By allowing users to earn financial returns – amounting to up to approximately 10% – Coinbase lured users into transferring their crypto assets to its exchange. As such, the SEC alleged that Coinbase’s Staking program consisted of a de-facto investment program for the five stackable cryptocurrencies offered by the platform, thus categorising them as securities.6 However, Coinbase did not register under the provisions of the Securities Act, and the SEC found that it profited from the program while offering unique features not available to those investors that were staking independently.7

The Conduct

While foreclosure through unlawful asset dealing is not the most traditional antitrust theory of harm, conduct that is illegal under other laws can have anticompetitive effects. Burning down your rival’s facilities is the most basic anticompetitive strategy to raise rivals’ costs.8 Similarly, Coinbase’s violations of US securities’ laws can also be analysed for its anticompetitive effects.

Coinbase is reported to have a market share of between 62% and 76% of centralized cryptocurrency exchanges in the US, indicating that it now has a monopoly in the market.

Source:  US Crypto Exchanges’ Market Share | CoinGecko

Foreclosure via the Illegal Acquisition of Network Effects

Competition between platforms like Coinbase is driven primarily by users’ expected benefit from adopting the platform, which in turns depends on direct and indirect network effects, the size of the installed user base, and expectations about future adoption rates.9 In the case of cryptocurrency exchanges, attracting more buyers increases the value of the platform for sellers, and vice-versa, while more traders (buyers and sellers) increase the value of the platform for cryptocurrencies choosing to list their coins on the platform.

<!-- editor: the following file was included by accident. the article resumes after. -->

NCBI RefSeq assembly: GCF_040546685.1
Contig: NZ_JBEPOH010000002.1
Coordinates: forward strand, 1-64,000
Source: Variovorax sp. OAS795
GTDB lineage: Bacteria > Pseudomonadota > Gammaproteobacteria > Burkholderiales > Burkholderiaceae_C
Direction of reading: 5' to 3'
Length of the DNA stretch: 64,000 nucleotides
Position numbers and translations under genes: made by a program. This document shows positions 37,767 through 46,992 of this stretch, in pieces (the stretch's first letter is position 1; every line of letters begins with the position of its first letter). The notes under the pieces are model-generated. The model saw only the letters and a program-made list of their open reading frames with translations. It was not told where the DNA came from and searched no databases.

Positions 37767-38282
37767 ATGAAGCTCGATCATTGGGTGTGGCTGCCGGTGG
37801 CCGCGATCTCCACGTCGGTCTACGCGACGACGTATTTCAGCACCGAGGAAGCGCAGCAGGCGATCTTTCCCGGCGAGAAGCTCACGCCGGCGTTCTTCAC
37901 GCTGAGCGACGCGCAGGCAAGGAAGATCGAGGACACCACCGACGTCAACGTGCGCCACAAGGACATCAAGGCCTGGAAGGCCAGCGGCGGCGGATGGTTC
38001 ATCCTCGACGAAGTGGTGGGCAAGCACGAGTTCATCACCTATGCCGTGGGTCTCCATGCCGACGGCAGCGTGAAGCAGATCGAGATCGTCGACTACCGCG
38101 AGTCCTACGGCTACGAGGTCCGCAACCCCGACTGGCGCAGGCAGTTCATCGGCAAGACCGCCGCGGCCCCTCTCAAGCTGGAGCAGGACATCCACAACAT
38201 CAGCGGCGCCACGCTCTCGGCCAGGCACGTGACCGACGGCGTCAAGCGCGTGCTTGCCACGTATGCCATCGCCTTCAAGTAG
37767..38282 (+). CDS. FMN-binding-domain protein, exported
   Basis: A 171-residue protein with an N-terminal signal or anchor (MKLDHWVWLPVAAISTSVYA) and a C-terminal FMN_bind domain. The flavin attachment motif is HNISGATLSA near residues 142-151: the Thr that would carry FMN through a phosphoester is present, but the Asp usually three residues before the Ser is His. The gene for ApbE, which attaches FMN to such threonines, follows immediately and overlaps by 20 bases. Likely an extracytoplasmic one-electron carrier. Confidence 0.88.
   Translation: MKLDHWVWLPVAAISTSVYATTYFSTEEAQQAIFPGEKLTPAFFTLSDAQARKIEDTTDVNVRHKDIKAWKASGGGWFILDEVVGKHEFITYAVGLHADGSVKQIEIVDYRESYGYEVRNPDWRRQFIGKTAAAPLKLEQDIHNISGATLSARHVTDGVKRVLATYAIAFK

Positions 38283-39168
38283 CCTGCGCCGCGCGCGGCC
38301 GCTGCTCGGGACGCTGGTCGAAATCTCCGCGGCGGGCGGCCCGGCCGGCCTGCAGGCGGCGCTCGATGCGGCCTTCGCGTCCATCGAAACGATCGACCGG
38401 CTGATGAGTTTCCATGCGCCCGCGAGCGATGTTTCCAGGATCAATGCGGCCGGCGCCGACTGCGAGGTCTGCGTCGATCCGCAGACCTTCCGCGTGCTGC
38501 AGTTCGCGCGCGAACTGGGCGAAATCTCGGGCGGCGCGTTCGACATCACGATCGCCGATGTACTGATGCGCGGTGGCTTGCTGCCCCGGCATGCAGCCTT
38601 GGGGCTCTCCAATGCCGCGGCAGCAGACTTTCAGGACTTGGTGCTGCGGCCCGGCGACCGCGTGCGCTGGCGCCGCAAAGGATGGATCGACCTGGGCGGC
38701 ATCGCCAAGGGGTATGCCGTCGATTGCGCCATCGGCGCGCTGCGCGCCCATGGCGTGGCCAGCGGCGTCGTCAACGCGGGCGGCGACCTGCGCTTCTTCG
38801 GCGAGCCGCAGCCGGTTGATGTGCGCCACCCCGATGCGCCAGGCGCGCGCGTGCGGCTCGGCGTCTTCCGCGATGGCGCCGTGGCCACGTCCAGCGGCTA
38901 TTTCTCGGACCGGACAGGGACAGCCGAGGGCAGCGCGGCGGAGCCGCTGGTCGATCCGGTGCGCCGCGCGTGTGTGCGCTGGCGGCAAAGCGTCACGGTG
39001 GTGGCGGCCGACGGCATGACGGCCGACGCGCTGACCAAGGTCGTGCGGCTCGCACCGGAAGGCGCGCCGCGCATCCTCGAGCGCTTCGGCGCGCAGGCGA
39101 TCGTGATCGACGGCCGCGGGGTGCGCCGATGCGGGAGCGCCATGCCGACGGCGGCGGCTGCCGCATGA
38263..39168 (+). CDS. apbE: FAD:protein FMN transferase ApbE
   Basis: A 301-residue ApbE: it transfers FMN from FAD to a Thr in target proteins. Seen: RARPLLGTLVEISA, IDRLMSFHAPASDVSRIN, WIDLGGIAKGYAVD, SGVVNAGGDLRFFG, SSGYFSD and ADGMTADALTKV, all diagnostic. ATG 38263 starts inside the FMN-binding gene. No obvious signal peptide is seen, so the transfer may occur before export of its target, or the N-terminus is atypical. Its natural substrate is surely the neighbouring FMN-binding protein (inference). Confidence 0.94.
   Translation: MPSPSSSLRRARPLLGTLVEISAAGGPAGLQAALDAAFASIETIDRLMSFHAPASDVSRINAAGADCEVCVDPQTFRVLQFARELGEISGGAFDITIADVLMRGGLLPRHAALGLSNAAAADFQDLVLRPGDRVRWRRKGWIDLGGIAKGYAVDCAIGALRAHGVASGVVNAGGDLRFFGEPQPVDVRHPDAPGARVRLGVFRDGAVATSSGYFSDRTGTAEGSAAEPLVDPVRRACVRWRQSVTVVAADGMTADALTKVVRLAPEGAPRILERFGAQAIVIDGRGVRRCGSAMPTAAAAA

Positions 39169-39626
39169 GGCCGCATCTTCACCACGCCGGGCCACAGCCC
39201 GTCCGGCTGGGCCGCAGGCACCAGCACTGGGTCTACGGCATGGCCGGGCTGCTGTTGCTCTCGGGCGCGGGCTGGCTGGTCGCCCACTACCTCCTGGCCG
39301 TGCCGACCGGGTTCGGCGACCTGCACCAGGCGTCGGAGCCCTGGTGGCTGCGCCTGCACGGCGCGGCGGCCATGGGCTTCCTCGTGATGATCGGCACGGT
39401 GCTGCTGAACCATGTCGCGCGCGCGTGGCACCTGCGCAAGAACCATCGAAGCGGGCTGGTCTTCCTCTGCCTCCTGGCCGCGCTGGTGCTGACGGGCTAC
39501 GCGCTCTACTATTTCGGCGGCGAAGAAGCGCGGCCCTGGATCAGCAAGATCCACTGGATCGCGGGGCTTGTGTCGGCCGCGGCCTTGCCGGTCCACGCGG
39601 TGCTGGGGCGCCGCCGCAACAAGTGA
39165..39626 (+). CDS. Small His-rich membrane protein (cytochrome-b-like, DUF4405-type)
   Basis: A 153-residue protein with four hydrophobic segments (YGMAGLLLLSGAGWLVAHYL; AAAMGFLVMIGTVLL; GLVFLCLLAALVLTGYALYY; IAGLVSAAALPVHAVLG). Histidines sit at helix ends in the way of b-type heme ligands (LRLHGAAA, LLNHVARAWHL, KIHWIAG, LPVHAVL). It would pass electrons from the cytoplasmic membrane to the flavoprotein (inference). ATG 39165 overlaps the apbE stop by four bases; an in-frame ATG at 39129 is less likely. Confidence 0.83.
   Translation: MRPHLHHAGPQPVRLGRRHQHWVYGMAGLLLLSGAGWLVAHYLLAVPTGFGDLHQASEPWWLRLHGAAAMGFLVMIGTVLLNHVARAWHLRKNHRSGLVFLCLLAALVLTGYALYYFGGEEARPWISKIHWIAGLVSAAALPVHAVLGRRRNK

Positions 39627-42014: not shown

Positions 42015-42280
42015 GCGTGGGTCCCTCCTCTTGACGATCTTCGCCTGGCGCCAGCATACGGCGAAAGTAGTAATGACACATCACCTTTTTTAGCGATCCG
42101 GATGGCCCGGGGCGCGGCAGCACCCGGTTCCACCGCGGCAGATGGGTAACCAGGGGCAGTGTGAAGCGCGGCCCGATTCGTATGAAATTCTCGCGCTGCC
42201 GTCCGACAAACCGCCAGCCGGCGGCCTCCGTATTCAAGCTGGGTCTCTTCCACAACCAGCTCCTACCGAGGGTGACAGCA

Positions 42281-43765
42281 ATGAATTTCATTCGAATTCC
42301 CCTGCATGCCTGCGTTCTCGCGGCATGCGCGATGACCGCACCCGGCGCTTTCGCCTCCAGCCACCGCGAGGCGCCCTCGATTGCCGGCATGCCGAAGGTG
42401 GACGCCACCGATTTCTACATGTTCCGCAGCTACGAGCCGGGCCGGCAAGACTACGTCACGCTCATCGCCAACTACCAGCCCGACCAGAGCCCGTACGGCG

In the graphs below, the average number of monthly users active on Coinbase increased from 900,000 in 2019 to 9 million in 2021. At the same time, the increase in the number of users in 2020 saw a parallel increase in the number of available assets on the platform, which more than doubled from 2019 to 2020.

Source:  US Active Coinbase Users, 2019-2023 (millions and % change) | Insider Intelligence, Coinbase Usage and Trading Statistics (2023) ( Document (

Network effects can be acquired by competing to offer a better, more innovative product or a cheaper price. In that case, consumer preferences strengthen exponentially as adoption increases, leading the best platform to become even more valuable than its rivals.10 This creates barriers to entry and market power for the platform in question, which may become visible in the form of inflated fees.

However, network effects can also be achieved through illegal conduct that forecloses rivals instead of competing with them. For example, predatory pricing,11  or, as in the case of Coinbase, the illegal provision of services on the platform. Each of these can build network effects and tip or monopolize a market, instead of competing for it. Once built, these network effects can then provide self-sustaining barriers to entry and expansion from rivals.

While monopoly prices built on competitively acquired network effects are perfectly legal (in the US), monopoly prices built on illegally acquired network effects are anticompetitive and could not be matched (or constrained) by an equally effective law-abiding competitor.

Coinbase Staking Program

As well as its illegal offering of exchange, brokerage, and clearing services, the SEC also alleged that in the examined period (2019-2022), Coinbase offered a Staking Program in most of the US for five tokens.12 Coinbase’s Staking Program attracted traders, increase momentum, and strengthened the network effects and hence the size of the moat. Between Q1 and Q2 2021, the adoption of the Staking Program increased more than 300%, reaching 1.7 million customers,13 and the end of 2021, the total value of crypto assets committed by investors amounted to approx. $28.7 billion.